963 F2d 1078 Carter v. United Food and Commercial Workers Local No

963 F.2d 1078

140 L.R.R.M. (BNA) 2306, 58 Fair
Empl.Prac.Cas. (BNA) 1259,
58 Empl. Prac. Dec. P 41,458,
121 Lab.Cas. P 10,152

Annabelle CARTER; Deanne Dahl; Paula Rust; Ellen Seidel;
Florence Thurmer; Lorraine Tyler; Appellants,

No. 91-2391.

United States Court of Appeals,
Eighth Circuit.

Submitted Nov. 4, 1991.
Decided May 6, 1992.
Rehearing and Rehearing En Banc
Denied June 12, 1992.

James H. Ranum, Minneapolis, Minn., argued (James H. Ranum, Minneapolis, Minn. and Linda A. Miller, St. Paul, Minn., on brief), for appellants.

Roger Andrew Jensen, St. Paul, Minn., argued (Roger A. Jensen and Carol A. Baldwin, on brief), for appellee.

Before LAY,* Chief Judge, HEANEY, Senior Circuit Judge, and LOKEN, Circuit Judge.

HEANEY, Senior Circuit Judge.

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United Food and Commercial Workers Local 789 (the union) represents nearly all grocery store employees in the St. Paul area, including employees of Country Club Market, Inc. (Country Club). The master agreement between the union and the St. Paul area grocery stores classifies meat department employees as either meat cutters or meat wrappers. Meat cutters are skilled workers who have completed an apprenticeship program or have vocational training. The union contract permits them to perform any duty in the meat department. In contrast, meat wrappers are unskilled workers whose duties are restricted primarily to weighing and wrapping meat, cutting cheese and cleaning machinery. During the 1980s, cutters earned about two dollars more per hour than wrappers. Every Country Club meat wrapper was female, and every cutter was male.


Until they were laid off between December 1983 and February 1985, the plaintiffs worked as meat wrappers in various Country Club stores in and around St. Paul. During the period that they worked at Country Club they were represented by the union. In this action, the plaintiffs charge the union with discriminating against its female members (the wrappers) during negotiations between the union and the multi-employer bargaining group1 in violation of Title VII, 42 U.S.C. § 2000e-2(c), and the Minnesota Human Rights Act, Minn.Stat. § 363.01 et seq.2


The union first moved for summary judgment in August 1989. The court denied the union's motion, finding that the "[p]laintiffs have presented sufficient evidence to demonstrate a fact dispute on whether the union's conduct of its affairs was discriminatory and constituted a breach of its duty of fair representation." In support of its holding, the court noted that


[t]he conduct of union officials and their statements, when reviewed in plaintiff's favor, do suggest that meat wrappers may have been treated differently than meat cutters because of their sex. Comments by union officials that they had to "protect the men's jobs" suggest that wrapper's job protections might have been sacrificed in exchange for meat cutters' jobs. The deposition transcripts and affidavits contain many instances of overt discrimination.


The union did not attempt to appeal the district court's order.


In March 1991, the Supreme Court clarified the standard of review for union activity in contract negotiations. Air Line Pilots Ass'n (ALPA) v. O'Neill, --- U.S. ----, 111 S.Ct. 1127, 113 L.Ed.2d 51 (1991). ALPA involved the resolution of a strike against Continental Airlines by its pilots union (ALPA). Over the course of the two year strike, about 400 striking pilots returned to work, and the airline hired about 1000 more replacements. Shortly before the strike ended, there were 1600 working pilots and only 1000 strikers. Id. at 1130. ALPA eventually negotiated a settlement under which, among other provisions, the working pilots were allocated more Captain positions than those pilots who had remained on strike until the end. A group of former striking pilots sued the union for breach of the duty of fair representation in negotiating the settlement with Continental.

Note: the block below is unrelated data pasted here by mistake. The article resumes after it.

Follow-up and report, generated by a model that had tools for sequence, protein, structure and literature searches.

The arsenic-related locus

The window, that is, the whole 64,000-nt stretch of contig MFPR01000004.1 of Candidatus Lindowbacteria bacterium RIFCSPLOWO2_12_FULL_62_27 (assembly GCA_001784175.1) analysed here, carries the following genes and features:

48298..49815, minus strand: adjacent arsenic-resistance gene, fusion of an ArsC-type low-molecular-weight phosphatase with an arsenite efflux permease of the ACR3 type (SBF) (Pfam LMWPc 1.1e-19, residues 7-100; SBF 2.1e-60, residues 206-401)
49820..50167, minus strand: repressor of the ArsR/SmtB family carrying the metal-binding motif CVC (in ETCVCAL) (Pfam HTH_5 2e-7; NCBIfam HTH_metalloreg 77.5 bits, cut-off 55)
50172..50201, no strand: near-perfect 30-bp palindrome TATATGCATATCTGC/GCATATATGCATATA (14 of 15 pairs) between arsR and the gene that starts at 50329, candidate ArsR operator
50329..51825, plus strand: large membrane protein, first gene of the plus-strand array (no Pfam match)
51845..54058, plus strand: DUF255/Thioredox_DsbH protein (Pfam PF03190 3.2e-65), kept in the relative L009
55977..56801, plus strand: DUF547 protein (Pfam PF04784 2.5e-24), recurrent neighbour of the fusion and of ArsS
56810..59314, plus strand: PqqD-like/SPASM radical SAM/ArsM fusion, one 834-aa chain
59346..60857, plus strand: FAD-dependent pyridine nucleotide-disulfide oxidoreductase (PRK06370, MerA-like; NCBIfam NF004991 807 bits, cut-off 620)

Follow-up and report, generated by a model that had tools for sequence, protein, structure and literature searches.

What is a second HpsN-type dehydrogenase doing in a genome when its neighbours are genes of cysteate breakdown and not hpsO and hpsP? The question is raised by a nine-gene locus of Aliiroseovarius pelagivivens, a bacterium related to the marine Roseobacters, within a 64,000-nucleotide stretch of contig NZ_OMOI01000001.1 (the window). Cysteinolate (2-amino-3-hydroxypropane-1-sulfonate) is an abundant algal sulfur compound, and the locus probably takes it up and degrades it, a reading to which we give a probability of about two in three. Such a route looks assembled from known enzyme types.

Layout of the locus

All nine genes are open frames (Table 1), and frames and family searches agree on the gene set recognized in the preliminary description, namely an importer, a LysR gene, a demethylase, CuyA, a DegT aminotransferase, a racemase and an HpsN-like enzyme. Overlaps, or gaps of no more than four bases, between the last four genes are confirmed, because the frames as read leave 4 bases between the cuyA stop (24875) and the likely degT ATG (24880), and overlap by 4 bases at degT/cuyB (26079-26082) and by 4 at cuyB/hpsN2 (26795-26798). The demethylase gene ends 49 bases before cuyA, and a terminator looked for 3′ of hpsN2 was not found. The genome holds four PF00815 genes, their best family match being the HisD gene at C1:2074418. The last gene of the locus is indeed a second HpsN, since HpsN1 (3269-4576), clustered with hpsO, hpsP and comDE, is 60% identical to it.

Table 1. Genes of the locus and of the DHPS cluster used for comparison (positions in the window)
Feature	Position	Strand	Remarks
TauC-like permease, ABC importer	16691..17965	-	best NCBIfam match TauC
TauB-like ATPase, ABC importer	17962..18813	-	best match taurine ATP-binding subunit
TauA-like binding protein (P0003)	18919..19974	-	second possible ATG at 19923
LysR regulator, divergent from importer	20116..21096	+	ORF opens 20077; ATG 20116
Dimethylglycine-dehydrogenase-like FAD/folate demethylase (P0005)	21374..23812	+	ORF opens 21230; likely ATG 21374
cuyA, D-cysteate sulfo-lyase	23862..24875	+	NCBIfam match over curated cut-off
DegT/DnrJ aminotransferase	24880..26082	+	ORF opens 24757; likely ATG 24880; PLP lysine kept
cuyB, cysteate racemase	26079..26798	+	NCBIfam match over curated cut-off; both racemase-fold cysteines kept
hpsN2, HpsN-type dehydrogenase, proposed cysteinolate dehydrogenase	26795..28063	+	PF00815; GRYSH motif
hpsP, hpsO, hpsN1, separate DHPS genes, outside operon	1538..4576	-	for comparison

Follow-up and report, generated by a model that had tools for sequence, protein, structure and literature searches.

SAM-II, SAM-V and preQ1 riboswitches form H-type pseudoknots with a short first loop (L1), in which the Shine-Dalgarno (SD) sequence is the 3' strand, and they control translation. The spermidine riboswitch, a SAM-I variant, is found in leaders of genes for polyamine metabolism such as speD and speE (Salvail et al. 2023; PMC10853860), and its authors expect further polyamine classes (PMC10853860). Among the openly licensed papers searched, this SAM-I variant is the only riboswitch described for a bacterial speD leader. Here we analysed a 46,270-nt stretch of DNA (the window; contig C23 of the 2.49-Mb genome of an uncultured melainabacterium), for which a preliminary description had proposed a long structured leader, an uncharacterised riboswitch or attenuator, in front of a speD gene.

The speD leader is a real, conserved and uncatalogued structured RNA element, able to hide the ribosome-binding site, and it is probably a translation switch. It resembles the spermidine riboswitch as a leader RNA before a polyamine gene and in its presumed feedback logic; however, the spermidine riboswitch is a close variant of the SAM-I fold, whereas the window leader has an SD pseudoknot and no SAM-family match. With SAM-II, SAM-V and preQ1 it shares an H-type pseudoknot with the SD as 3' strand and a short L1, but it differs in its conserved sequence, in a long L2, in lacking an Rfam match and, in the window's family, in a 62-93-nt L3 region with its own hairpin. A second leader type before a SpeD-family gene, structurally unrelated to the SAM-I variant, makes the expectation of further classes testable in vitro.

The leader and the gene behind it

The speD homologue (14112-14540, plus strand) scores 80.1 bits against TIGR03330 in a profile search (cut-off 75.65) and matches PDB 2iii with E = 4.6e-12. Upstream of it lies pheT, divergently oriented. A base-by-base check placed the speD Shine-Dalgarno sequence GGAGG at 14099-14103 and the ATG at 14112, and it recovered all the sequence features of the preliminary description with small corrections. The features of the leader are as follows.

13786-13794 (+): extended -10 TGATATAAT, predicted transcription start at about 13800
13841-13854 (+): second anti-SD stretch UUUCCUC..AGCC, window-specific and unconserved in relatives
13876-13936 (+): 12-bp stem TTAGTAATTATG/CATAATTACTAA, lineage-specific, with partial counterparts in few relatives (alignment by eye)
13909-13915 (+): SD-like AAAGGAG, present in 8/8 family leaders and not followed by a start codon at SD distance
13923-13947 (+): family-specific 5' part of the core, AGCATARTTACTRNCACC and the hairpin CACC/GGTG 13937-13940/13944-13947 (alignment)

The ALPA Court held that the "tripartite standard" of Vaca v. Sipes, 386 U.S. 171, 87 S.Ct. 903, 17 L.Ed.2d 842 (1967) applies to all union activity, including contract negotiations. ALPA, 111 S.Ct. at 1135. Under Vaca, a union breaches its duty of fair representation if its actions are either "arbitrary, discriminatory, or in bad faith." Vaca, 386 U.S. at 190, 87 S.Ct. at 916. The ALPA court further held "that a union's actions are arbitrary only if, in light of the factual and legal landscape at the time of the union's actions, the union's behavior is so far outside a 'wide range of reasonableness' as to be irrational." ALPA, 111 S.Ct. at 1130 (citation omitted). In a separate analysis of the plaintiffs' discrimination claim, the court stated that

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If we are correct in our conclusion that it was rational for ALPA to accept a compromise between the claims of the two groups of pilots ..., some form of allocation was inevitable. A rational compromise on the initial allocation of the positions was not invidious "discrimination" of the kind prohibited by the duty of fair representation.


ALPA, 111 S.Ct. at 1137.


In April 1991, the union renewed its motion for summary judgment based on the theory that, under ALPA, the court owed greater deference to the union's conduct. The district court agreed, stating that ALPA